From the origins of direct mail through to the present day with online behavioral targeting, email marketing and the seemingly imminent promise of addressable TV advertising, the issue of privacy has gained more attention. There are more advocacy groups established to represent the interests of consumers, taking pot-shots at those who allegedly play fast-and-loose with personal information for commercial gain). Periodically we see politicians weighing in on the topic as well.
From an objective perspective, there is no doubt that the issue has become more complex, as technology has enabled the harvesting, mining and leverage of more and more data based on individual behavior. And there's no suggestion that the ever-expanding universe of data sources will diminish in the foreseeable future.
Not surprising, then, that we see The Center for Democracy & Technology publish a document this week calling on the incoming administration to pass new legislation to protect consumers with regard to the use of their personal information -- wherever it was gathered (read online and offline). The document also calls for a redefinition of "personally identifiable information" in light of advances in technology.
While some may feel that this is both unwelcome and unhelpful, that is scarcely the point. As legislation inevitably develops in an attempt to keep pace with technology, those depending on their ability to use consumer data (an ever-growing number) will find their lives becoming more complicated, as they have to comply with more regulation.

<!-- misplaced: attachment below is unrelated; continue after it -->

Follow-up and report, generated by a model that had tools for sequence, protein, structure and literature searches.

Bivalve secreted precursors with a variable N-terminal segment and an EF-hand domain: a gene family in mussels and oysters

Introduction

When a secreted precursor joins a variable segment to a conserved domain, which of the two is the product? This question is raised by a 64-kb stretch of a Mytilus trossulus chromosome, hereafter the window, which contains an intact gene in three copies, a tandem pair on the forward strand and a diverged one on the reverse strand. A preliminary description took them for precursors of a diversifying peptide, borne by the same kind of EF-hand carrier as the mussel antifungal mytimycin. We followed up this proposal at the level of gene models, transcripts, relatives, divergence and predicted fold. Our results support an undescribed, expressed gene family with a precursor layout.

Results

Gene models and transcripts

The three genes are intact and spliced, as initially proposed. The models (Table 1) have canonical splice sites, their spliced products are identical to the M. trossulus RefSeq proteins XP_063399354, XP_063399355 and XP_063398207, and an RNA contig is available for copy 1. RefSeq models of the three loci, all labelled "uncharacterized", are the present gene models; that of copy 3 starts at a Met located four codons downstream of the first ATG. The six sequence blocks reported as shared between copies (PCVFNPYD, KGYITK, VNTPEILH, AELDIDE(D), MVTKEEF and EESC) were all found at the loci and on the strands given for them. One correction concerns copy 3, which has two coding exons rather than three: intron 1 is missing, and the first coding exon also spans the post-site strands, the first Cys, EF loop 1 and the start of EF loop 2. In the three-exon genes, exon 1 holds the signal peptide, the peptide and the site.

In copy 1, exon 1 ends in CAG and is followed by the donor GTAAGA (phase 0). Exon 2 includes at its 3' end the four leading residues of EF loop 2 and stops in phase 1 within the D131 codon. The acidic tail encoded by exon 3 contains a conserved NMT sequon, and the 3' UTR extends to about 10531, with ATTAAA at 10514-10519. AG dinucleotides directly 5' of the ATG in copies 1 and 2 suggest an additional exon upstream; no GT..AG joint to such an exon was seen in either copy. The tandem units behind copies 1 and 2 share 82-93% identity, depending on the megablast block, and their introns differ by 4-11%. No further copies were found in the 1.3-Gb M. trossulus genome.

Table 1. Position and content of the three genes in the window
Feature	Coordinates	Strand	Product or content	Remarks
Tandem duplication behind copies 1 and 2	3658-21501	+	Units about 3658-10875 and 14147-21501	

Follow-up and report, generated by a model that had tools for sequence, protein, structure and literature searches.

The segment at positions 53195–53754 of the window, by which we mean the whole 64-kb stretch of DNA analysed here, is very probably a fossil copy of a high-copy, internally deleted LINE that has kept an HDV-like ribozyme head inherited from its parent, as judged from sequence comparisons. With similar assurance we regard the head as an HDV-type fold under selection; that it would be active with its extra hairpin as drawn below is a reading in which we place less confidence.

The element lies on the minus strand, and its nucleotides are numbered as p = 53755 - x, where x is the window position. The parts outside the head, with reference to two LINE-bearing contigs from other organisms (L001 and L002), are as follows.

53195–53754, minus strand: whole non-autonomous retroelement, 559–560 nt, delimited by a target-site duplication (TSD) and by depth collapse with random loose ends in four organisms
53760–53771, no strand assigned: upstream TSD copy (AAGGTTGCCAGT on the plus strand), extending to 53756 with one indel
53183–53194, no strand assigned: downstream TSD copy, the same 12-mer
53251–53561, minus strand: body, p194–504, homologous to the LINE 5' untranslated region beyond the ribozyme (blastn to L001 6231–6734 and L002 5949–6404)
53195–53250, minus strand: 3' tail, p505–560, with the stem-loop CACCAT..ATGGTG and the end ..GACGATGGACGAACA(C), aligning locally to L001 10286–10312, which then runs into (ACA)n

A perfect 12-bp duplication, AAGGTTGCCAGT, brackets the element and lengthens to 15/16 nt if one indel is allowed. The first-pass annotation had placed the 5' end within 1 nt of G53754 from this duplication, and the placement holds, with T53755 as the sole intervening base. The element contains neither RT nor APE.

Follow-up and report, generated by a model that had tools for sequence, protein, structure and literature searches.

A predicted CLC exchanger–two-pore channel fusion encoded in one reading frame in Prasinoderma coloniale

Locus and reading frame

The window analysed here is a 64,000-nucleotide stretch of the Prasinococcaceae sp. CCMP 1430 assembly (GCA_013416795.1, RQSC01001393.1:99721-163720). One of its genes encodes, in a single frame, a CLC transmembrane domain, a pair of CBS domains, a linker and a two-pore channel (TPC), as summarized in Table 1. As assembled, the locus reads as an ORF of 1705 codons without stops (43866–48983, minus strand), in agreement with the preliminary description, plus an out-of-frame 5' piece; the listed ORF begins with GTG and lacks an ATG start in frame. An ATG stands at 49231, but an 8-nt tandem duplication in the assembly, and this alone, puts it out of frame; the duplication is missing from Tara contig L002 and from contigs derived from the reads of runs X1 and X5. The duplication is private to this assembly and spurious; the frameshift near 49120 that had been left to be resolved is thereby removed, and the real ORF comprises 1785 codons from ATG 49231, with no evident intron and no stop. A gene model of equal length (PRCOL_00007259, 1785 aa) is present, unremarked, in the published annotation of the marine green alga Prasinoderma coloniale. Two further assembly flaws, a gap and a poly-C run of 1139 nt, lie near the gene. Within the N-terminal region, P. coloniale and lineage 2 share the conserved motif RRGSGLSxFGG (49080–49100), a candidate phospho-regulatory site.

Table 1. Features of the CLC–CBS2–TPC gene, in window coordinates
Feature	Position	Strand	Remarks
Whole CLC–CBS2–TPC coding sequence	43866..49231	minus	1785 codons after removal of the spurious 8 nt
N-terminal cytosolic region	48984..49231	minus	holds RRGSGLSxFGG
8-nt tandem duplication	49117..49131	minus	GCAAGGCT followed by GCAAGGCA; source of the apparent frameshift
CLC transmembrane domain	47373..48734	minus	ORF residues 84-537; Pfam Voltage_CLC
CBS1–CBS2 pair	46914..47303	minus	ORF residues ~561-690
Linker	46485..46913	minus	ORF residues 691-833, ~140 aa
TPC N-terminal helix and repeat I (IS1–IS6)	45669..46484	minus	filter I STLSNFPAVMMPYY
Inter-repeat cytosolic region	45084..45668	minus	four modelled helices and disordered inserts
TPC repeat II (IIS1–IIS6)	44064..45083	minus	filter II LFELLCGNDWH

Why inevitably? Well, I may be wrong, but it seems to me that when we reach the time when practically all households in the country are receiving addressable advertising based on data gathered from set-top boxes (and other sources such as their online behavior, Acxiom and the like), the advocacy groups, politicians and even some consumers themselves will have found themselves another issue on which to campaign.
After all, TV is the big daddy of all media. Although the Web is well and truly a mass medium, TV still far outstrips it in sheer dollar value as an industry. If TV advertising is to be targeted in the ways we all expect and hope, then I'm willing to bet that the issue of privacy as we've seen it discussed with reference to the Web will be utterly eclipsed when the TV debate kicks off in earnest.
And in a world where just about every marketing message that comes to me electronically is based on sophisticated targeting algorithms that are in turn based on "my" personal information, you can bet that an increasing number of consumers are going to want to control how that information is used.
Personalized data will eventually lead to personalized privacy settings. We'll still have the vast majority of people placing themselves into a relatively small number of discernible categories (as defined by the levels of consent and types of permission they will opt into), and we'll also have consumers who are both informed and feel a sense of control. Who knows, they may even be more open to the marketing messages they receive.